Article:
At the heart of the issue with this particular digital currency is its anonymous nature. Payment instruments that provide anonymity do attract the criminal element. Anonymity is a major reason cash remains king when it comes to payments for illicit activities. The anonymity that prepaid cards provided in their earlier years attracted the criminal element, which ultimately resulted in regulators attaching Bank Secrecy Act/anti-money laundering (BSA/AML) regulations to these instruments.

There is no doubt that digital currency has benefits over paper and coins. The convenience of not having to lug around paper and coins is appealing to me, as is the fact that I wouldn't feel the need to scrub my hands after handling digital currency since it's no secret that paper money and coins are dirty. I am all for the success of digital currencies and can't wait for them to become more mainstream. But I believe that as long as any digital currency continues to support anonymity, it will be difficult for that to happen.

While regulation can stifle innovation, I believe that BSA/AML regulation of digital currencies could help increase the adoption of this type of payment instrument by the mainstream. One need look no further than the prepaid card industry to understand the potential impact. Many factors have played into that industry’s phenomenal growth rate, but the BSA/AML regulatory requirements also played a role by providing a credibility to prepaid cards that did not exist in their infancy.

What are your thoughts on the need for BSA/AML regulation of digital currencies?

Douglas A. KingBy Douglas A. King, payments risk expert in the Retail Payments Risk Forum at the Atlanta Fed

June 3, 2013 in cybercrime, emerging payments, money laundering, regulations | Permalink

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Great Post.
In my opinion all e-currencies need to be regulated, specially the more popularly used ones. It will be sad to see another one going down like LR.

Posted by: Bhagesh Nair | June 04, 2013 at 04:48 PM

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January 22, 2013

Parallel Paths or Course to Collision? Technology's Effects in the Payments Industry

I don't believe anyone would challenge the statement that the pace of technological change is faster than ever and is likely to increase its velocity going forward. I remember a conversation with my grandfather in the mid-1970s about the biggest changes he'd experienced in his lifetime, which spanned the first two-thirds of the 20th century. Those changes centered on the automobile and airplane (his lifelong vocation was a railroad machinist/mechanic), electricity for the masses, medicine, and radio and television. Today, we can look back just 10 years and see the exponential level of changes in technology that have impacted our everyday lives in these same areas—transportation, energy, medical care, and communications.

Many of these technological changes have affected the banking world, sometimes in ways that create conflicts among various service channels. Recent changes in the way that U.S. banking customers deposit funds, for example, have the potential to create such conflict across channels.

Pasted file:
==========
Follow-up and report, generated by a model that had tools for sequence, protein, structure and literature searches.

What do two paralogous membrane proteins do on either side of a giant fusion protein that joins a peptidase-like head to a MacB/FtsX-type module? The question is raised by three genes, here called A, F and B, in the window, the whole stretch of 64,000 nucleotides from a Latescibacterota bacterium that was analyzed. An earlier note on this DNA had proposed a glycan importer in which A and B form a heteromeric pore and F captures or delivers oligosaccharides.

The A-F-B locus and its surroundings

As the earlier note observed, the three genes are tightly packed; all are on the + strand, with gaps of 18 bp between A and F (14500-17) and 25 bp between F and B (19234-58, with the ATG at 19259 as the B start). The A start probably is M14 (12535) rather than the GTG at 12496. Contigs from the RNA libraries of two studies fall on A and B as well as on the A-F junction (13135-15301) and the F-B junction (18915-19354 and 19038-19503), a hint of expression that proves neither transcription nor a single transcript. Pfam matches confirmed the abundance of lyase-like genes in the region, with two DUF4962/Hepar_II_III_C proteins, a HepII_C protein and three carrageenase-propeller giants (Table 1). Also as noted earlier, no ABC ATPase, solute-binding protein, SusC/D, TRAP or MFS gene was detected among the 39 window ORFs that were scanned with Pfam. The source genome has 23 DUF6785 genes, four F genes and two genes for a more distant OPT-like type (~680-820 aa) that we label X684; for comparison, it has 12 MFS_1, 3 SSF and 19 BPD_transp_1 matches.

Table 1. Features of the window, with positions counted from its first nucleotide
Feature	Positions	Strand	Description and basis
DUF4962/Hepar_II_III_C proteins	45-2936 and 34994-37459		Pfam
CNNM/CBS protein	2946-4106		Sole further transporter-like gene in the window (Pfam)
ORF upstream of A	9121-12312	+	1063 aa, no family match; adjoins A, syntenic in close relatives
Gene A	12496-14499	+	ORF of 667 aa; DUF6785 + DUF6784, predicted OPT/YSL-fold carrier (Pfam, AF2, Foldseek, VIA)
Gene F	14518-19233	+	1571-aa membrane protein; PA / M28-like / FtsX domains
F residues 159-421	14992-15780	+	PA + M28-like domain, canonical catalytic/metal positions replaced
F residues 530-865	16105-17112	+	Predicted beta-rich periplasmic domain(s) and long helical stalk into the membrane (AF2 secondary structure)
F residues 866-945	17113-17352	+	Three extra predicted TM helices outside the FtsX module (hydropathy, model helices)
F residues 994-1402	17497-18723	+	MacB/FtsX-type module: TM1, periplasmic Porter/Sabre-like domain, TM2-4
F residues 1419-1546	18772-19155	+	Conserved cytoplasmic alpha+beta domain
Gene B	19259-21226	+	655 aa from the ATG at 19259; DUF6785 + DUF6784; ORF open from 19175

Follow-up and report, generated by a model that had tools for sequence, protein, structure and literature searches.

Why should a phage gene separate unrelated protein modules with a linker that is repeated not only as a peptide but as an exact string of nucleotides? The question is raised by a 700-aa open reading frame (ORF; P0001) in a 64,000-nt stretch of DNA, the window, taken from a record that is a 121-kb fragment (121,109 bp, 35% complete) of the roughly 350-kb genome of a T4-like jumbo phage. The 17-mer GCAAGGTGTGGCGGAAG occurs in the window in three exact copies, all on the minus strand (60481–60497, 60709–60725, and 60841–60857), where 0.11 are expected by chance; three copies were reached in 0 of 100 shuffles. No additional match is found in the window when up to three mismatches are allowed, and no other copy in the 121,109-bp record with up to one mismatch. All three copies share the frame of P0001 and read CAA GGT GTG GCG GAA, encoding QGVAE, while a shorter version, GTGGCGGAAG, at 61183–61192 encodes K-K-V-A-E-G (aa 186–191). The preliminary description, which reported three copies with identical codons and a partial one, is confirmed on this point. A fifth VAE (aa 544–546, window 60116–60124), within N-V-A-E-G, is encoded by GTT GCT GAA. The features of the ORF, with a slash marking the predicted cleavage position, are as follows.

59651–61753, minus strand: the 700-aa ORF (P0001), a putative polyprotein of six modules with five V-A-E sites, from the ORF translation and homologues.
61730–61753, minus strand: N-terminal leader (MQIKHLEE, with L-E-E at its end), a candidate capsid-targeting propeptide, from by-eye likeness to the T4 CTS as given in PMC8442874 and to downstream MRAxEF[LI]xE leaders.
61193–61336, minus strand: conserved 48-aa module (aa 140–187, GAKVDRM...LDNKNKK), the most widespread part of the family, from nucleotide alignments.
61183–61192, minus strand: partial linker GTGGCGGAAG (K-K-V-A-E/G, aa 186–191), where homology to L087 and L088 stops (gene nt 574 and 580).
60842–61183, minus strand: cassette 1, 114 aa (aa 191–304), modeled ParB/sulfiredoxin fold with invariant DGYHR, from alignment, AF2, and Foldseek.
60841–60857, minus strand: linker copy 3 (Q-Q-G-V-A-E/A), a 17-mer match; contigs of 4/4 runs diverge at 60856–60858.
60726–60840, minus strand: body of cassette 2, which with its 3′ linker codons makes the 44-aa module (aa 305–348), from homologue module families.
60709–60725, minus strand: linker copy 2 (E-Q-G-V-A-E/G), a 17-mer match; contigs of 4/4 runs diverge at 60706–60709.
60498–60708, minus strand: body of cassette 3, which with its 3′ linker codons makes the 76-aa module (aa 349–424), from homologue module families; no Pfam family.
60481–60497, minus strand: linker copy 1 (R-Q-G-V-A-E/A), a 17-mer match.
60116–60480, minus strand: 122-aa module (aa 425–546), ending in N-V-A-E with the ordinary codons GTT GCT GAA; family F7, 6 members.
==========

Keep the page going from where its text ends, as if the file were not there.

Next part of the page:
The all-time teller gets a new face
Since the widespread introduction of the full-service ATM in the United States in the early 1970s, this automated delivery channel has seen little change in functionality. Sure, there have been major technology changes that have improved the channel but not fundamentally changed it. Such improvements include the migration from offline to online transaction authorizations, the ATM's ability to dispense multiple denominations of currency instead of a fixed amount, improved display graphics and component reliability, and the sharing of ATMs through the emergence of regional, national, and international interchange networks. Past efforts in the U.S. to add additional functions and migrate the ATM more to a self-service kiosk have not met with great success. There appears to be another attempt to introducing such functions as remittances, bill payment, money orders, postage stamps and ticketing as ATM volume stagnates.

Deposits made through ATMs seldom represent more than 10 percent of total banking transaction volume, and are more often in the 5–8 percent range. Research has consistently shown that consumers are apprehensive about placing checks and currency in ATMs since ATMs do not verify the deposit envelope contents, as tellers do. Truth be told, banks generally didn't actively promote deposits through ATMs for economic reasons. Because deposit envelopes can be deposited empty, most banks required them to be processed under dual control. As a result, until relatively recently, the cost of handling a single ATM deposit was about $1.50 to $2.

A big breakthrough in ATM deposits was seen in 2006–07, when several of the largest U.S. banks began testing ATMs that could accept envelope-free deposits of checks and currency. This method offered consumers images of their checks or detailed listings of the deposited currency before the transaction was final. Because consumers had this opportunity to verify their deposits, they had a much higher level of comfort. Additionally, consumers could now make their deposits much later in the day and still have them included in that day's processing. These banks soon began widespread implementation of such functionality in a vast majority of their locations, and other top-tier banks followed suit. The reassurance of the deposit verification and the increased convenience has led to a sharp increase in deposit transactions through the ATMs equipped with this feature. Furthermore, studies show that the cost of a deposit transaction dropped below 50 cents.